Today’s theme? Novelists who keep readers off-balance by defying expectations with certain characters.
But before I get into that, I wanted to mention that this weekly blog and my literary-trivia book are the subjects of a roughly 16-minute podcast posted last night. The podcaster is Rebecca Budd, who’s not only a skilled/eloquent interviewer but also an excellent blogger on a variety of topics. It’s always a pleasure to converse with other book lovers — including all the commenters on this blog!
Rebecca is in Vancouver and I’m in New Jersey, so the vagaries of cross-continental WiFi cut off a few of my words here and there. But 99.9% of what I said got through. 🙂
Anyway, back to “‘I Didn’t See That Coming’ in Fiction.” A strong example comes from Harlan Coben’s starts-slow-but-gets-riveting thriller Stay Close, which I read last week. The novel — set in the sordid underbelly of my home state of New Jersey — includes two characters named…ahem…Barbie and Ken who appear to be clean-cut, caring, religious folk. In reality, they’re a scarily sicko couple who delight in working paid assignments to inflict excruciating pain on hapless people. (Although Coben’s novel was published in 2012 — four years before America’s disastrous 2016 presidential election — something about Barbie and Ken reminds me of the many supposedly pious white Christian evangelicals who support the pathologically cruel Trump.)
Another character who turns out to be different than one might initially think is Queequeg from Herman Melville’s classic novel Moby-Dick. That tattooed South Sea-born character looks fierce, and has a fierce job — harpooner on Captain Ahab’s ill-fated Pequod ship. But Queequeg actually has a heart of gold, and he and the book’s American sailor/narrator Ishmael strike up an unlikely cross-cultural friendship. (Melville is pictured above in 1861.)
Staying in the 19th-century, certain novels punctured unfortunate racial and gender tropes of the time. In Louisa May Alcott’s Little Women, for instance, Jo March is hyper-focused on becoming a professional writer — hardly an expected ambition for a female of that era. The titular protagonist in Alexandre Dumas’ Georges is a brainy/admirable black man stuck with none of the pernicious stereotypes most authors foisted on characters of color at that time, if they included them at all. (It didn’t hurt that Dumas was of part-African descent.) And Rebecca in Sir Walter Scott’s Ivanhoe is a much more three-dimensional Jewish character than seen in the vast majority of novels penned in the 1800s, though the depiction of her money-lender father Isaac is nowhere near as nuanced.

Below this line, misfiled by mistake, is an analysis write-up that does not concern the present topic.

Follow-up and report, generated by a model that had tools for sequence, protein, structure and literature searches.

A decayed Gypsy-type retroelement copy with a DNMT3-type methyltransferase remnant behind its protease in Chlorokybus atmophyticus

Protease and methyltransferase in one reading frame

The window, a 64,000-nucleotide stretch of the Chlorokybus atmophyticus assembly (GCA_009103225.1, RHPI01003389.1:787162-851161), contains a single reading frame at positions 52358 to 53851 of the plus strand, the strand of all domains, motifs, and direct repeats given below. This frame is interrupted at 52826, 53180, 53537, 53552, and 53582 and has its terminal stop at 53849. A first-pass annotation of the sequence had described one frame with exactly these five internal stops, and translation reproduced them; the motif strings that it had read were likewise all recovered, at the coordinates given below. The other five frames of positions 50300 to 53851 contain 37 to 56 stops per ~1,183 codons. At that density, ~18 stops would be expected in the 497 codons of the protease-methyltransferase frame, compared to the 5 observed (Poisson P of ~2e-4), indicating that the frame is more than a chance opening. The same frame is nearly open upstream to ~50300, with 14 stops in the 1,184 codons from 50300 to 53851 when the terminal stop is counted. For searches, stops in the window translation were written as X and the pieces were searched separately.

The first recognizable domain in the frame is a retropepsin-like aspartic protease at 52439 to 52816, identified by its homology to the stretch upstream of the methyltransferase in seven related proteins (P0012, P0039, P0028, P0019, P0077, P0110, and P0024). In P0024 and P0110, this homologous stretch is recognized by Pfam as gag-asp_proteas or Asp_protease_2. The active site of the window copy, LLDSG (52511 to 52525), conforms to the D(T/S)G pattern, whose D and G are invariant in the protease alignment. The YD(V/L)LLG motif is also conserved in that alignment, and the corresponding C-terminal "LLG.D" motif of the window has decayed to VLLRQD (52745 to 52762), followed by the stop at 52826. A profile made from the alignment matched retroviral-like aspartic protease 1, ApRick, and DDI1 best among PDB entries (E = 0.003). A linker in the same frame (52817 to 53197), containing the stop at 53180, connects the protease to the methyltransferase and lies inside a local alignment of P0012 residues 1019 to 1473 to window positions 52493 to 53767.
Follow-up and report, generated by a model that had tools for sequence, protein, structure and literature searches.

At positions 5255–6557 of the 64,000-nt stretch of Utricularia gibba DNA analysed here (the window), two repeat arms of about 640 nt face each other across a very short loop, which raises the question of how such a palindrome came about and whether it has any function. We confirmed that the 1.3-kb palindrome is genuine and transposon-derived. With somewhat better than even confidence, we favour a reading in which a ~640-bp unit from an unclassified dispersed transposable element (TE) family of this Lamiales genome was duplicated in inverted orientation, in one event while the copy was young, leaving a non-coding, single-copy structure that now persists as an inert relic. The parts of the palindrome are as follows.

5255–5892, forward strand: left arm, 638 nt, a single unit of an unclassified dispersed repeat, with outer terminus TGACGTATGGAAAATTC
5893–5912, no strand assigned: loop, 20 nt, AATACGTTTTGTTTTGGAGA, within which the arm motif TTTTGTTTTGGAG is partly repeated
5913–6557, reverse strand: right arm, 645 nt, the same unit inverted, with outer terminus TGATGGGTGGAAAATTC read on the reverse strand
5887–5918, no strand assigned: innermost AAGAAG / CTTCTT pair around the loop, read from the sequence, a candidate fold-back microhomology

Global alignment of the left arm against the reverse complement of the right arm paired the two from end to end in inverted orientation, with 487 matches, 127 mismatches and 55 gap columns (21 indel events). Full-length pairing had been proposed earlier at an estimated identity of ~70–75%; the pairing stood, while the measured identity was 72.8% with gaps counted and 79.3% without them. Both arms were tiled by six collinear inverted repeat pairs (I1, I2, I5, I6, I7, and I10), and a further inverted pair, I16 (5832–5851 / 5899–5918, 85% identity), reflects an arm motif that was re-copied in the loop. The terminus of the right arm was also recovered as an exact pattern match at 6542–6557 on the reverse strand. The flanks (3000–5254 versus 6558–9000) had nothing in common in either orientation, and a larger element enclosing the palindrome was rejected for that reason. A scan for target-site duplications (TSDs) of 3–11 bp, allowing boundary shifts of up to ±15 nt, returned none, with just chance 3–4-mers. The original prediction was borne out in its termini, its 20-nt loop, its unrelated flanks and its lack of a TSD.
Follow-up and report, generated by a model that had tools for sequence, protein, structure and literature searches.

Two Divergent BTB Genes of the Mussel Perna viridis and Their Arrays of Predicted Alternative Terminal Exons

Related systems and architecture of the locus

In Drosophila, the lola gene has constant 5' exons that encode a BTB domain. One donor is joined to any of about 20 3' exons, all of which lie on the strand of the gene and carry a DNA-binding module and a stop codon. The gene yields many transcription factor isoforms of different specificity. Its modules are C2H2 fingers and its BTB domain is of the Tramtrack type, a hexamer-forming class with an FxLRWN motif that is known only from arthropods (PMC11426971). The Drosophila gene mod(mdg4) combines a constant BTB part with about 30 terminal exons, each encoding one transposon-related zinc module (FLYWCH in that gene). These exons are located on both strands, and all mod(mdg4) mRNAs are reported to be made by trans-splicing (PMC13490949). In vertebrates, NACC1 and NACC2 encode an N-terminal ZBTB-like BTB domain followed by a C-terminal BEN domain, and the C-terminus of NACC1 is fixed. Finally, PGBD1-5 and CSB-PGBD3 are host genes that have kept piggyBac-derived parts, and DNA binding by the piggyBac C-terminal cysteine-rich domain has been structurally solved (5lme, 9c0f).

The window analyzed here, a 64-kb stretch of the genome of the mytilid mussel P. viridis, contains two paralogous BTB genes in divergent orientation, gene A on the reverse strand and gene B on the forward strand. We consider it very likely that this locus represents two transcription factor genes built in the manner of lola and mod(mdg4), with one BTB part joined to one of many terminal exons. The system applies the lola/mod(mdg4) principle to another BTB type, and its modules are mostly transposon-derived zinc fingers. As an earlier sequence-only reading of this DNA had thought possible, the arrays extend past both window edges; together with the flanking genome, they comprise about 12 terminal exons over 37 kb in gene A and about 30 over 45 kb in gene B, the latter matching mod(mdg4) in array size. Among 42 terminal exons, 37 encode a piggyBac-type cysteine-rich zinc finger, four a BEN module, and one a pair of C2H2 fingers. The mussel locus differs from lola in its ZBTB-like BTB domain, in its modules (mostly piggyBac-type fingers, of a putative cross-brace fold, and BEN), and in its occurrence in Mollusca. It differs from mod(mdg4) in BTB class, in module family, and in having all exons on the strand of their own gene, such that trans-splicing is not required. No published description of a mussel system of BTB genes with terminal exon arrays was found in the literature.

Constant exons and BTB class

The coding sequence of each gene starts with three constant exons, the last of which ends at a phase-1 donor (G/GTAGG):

Going back another century, the title character of Henry Fielding’s semi-satirical novel Joseph Andrews (1742) resists temptation as he holds to his intention of remaining a virgin for his true love Fanny. A gender role reversal, especially for long-ago literature.
Speaking of gender surprises, the first book (One for the Money) of Janet Evanovich’s popular crime-novel series has protagonist Stephanie Plum switch from being a lingerie buyer to a…bounty hunter. It’s safe to say that’s a career change not often seen.
In Jack London’s The Sea-Wolf, Humphrey van Weyden is a “soft” intellectual who’s held against his will and abused by tough-guy-with-a-screw-loose Captain Wolf Larsen when van Weyden is rescued after the ferry he was on sank. Humphrey’s transformation into an equal foe of Larsen is something I didn’t see coming.
I’ll stay with London and end by briefly taking this post into the animal realm. In that author’s The Call of the Wild, a domesticated dog becomes adept at surviving in the wild. And in White Fang, the opposite happens with a part-wolf/part-dog who is moved from the wild to civilization. Not the usual canine story arcs.
It almost goes without saying that any element of surprise is often welcome in a novel. What are some of the books that do that for you?
My literary-trivia book is described and can be purchased here: Fascinating Facts About Famous Fiction Authors and the Greatest Novels of All Time.
In addition to this weekly blog, I write the award-winning “Montclairvoyant” topical-humor column for Baristanet.com. The latest weekly piece — which has a food theme — is here.